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A dispute over rent turned fatal over the weekend after a Connecticut man allegedly used a samurai sword to murder his landlord.
Jerry David Thompson, 42, was arrested Sunday and charged the following day with the murder of 64-year-old Victor King, the Hartford Police Department confirmed to Oxygen.com.
King, an accomplished bridge player, was found dead in his home on Asylum Avenue on Sunday after police were called to perform a wellness check, authorities said, according to the Hartford Courant. King’s friends had not heard from him in more than a day; upon their arrival, authorities found the retiree dead on the kitchen floor with a sheet covering some of his body. King had sustained “severe trauma” to his arms, chest, shoulder, and neck from a samurai sword, police told the paper.
Thompson had been renting a room in King’s home for less than a year and authorities zeroed in on him as a suspect after King’s friends reported that King and Thompson had had disagreements over rent, according to another report from the Hartford Courant. The arguments stemmed from Thompson not paying his rent, and that led to Thompson allegedly threatening King with a sword, according to an arrest warrant obtained by the paper.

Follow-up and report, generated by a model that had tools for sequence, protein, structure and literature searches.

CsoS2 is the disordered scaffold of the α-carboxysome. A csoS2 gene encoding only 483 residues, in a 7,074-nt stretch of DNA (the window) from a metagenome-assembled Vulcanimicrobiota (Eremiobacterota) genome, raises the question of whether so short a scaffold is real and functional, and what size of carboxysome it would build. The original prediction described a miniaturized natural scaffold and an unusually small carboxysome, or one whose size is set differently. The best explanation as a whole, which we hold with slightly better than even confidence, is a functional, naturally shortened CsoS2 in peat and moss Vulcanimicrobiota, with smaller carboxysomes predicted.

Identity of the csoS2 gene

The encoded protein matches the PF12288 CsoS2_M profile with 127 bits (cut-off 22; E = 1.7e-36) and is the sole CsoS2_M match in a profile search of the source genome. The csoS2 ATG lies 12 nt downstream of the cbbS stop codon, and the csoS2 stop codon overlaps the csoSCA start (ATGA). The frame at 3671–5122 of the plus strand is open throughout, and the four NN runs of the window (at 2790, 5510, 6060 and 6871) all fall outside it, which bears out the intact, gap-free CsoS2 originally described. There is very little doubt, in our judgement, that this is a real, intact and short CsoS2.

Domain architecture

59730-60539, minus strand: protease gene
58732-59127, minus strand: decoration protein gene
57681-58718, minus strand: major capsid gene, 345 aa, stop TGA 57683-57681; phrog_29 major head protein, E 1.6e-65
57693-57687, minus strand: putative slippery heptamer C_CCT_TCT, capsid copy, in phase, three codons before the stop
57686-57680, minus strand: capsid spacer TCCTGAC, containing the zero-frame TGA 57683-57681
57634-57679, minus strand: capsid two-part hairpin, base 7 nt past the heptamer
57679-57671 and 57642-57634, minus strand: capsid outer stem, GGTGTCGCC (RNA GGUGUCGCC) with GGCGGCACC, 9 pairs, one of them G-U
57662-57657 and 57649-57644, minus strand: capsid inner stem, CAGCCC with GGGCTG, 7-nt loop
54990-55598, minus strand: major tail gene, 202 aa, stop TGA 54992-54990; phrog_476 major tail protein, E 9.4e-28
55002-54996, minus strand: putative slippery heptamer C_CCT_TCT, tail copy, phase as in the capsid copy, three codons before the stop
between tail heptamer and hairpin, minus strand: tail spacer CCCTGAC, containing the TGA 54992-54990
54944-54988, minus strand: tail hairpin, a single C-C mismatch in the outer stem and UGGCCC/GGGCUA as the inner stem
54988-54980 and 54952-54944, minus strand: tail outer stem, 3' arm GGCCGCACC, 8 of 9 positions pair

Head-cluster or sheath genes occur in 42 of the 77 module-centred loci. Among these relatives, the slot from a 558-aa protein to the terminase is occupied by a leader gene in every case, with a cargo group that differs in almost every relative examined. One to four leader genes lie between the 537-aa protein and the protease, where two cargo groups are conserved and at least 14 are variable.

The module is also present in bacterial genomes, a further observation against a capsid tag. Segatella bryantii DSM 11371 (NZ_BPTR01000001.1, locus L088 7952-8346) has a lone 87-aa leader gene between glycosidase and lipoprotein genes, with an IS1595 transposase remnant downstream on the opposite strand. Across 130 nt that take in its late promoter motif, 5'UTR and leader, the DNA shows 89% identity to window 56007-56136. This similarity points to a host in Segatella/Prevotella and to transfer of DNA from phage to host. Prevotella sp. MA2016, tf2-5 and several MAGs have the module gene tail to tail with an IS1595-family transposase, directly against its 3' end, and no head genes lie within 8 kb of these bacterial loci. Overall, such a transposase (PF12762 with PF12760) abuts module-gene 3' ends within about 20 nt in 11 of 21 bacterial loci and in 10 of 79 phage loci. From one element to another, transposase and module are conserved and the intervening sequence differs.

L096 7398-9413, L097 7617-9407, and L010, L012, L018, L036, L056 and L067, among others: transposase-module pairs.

The day before his death, King went to the police to report Thompson for threatening him with a weapon, the Courant reports. After authorities found King's body the next day, they set out searching for Thompson and found him driving in the North End area. After being transported back to the station, Thompson refused to speak with the authorities; he instead directed them to a piece of paper in his Jeep, and that paper suggested that Thompson considered himself a sovereign citizen, according to the Courant. Those who subscribe to the Sovereign Citizen movement believe that the law does not apply to them, according to the Southern Poverty Law Center.
Thompson, who has previous convictions related to assault and robbery, was arraigned on Tuesday, the Courant reports. He again refused to speak, and a judge ordered him to be held on $2 million bail. Having also refused to speak to a public defender, Thompson is currently without legal representation; he is scheduled to next appear in court on Aug. 18, per the paper’s report.
Hartford police announced Thompson’s arrest on Sunday, but mentioned neither King nor Thompson by name. The department did not immediately respond to a request for comment from Oxygen.com.
King spent more than 20 years working in the IT department for Travelers insurance company before his retirement in 2018, according to the Courant. His cousin, Jim Banks, told the paper that King's true love, however, was bridge, and he was one of the best players in the country. He’d reached the title of Grand Life Master, which is the highest rank for a bridge player, Paul Linxwiler, the executive editor of the Bridge Bulletin, told the paper.
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